© Lee A. Wilkinson, PhD


Jonathan S. Corchnoy, Esquire said...

I wish more school districts conveyed this message to their professional staffs and gave such students greater instruction in pragmatic communication and social skills. If they did so, many of my clients, their dhildren, and the educators themselves would be happier and see me less.

Janis Maltos, M. Ed., ECSE said...

I have two sons with high functioning autism, one in fifth grade and the other in 7th. This delay in pragmatic and social language is obvious, yet our school district does not work on these skill deficits. They measure receptive/expressive language and speech articulation. What formal assessments measure pragmatic skills/social language?

charlotte scheel said...

Arnold Goldstein have written a book called "the prepare Curriculum", it is not written for this specific group, but it contains a near step by step instruction on a many social skills. Understanding abstracts are not a part of it, but i think that maybe a strict instruction could be a help for those who are trying to learn and those who are trying to give instructions on social skills.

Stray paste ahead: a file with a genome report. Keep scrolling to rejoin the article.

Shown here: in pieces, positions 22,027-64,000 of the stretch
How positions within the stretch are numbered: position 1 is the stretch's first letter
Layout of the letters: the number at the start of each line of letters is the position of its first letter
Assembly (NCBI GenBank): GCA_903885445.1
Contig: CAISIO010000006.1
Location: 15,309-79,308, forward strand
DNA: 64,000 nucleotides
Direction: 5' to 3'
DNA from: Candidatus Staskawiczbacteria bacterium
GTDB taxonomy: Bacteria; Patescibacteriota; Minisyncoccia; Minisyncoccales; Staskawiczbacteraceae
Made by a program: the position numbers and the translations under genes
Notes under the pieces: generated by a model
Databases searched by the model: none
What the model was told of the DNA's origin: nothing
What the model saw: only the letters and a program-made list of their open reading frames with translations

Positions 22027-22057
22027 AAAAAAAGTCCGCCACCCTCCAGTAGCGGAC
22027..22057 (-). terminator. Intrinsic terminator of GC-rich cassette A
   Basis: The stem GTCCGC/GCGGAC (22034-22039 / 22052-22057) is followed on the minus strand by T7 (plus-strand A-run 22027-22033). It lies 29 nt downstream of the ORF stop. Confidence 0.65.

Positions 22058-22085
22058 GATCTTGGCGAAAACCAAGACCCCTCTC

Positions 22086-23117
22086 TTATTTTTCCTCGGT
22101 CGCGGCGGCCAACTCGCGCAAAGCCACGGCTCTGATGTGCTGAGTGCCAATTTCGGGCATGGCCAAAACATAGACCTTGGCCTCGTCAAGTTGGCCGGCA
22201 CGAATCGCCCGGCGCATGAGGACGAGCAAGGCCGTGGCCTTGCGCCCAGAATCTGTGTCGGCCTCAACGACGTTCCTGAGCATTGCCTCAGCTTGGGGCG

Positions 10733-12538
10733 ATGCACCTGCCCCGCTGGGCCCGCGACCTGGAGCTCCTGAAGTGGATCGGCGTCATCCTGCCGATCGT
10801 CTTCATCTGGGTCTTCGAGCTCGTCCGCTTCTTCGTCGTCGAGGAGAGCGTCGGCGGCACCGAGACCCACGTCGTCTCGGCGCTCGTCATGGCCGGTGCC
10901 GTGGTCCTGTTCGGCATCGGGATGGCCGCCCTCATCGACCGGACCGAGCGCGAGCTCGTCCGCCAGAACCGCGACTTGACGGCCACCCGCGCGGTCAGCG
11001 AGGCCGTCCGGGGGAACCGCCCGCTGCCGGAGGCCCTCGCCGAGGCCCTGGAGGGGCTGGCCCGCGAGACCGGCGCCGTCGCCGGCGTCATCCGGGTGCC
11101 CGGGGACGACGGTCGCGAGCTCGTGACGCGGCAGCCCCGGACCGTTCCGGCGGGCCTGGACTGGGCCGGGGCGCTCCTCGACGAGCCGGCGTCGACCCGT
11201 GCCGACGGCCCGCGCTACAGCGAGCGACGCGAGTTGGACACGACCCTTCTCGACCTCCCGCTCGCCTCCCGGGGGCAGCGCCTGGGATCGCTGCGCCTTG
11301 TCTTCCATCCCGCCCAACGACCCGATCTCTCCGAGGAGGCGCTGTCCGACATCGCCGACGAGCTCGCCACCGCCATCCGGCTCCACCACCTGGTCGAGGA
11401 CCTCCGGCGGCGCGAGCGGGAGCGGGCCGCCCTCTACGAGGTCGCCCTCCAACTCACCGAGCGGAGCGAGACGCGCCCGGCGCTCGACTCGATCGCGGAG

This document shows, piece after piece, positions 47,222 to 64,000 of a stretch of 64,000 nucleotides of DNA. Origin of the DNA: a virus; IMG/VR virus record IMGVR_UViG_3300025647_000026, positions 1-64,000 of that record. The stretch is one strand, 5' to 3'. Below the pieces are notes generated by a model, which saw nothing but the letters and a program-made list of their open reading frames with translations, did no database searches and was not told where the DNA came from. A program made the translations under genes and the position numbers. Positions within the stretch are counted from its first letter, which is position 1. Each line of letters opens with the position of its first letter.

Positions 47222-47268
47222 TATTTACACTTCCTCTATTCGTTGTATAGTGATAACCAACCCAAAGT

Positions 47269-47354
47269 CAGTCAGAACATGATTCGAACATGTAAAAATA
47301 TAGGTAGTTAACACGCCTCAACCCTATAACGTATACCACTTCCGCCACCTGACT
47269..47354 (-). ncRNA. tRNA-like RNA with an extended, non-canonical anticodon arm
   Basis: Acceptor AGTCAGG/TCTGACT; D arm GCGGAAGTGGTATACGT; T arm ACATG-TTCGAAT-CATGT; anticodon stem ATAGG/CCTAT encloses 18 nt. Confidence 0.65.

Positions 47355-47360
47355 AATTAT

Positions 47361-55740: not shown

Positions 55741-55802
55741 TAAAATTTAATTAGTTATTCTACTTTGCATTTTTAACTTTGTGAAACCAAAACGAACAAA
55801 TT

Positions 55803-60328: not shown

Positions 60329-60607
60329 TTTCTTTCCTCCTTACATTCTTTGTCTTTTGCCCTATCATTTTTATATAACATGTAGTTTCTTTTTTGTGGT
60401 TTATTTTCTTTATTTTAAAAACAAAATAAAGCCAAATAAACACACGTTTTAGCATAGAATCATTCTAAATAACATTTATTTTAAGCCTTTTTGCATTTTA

Lee A. Wilkinson said...

The following instruments can be used to assess social pragmatic language skills in children with ASD.

Children’s Communication Checklist (CCC-2)
Comprehensive Assessment of Spoken Language (CASL)
Pragmatic Language Skills Inventory (PLSI)
Test of Pragmatic Language (TOPL)

Please refer to A Best Practice Guide to Assessment and Intervention for Autism and Asperger Syndrome in Schools for a complete description of a comprehensive assessment battery for school-age children and adolescents.

Lee A. Wilkinson, PhD, NCSP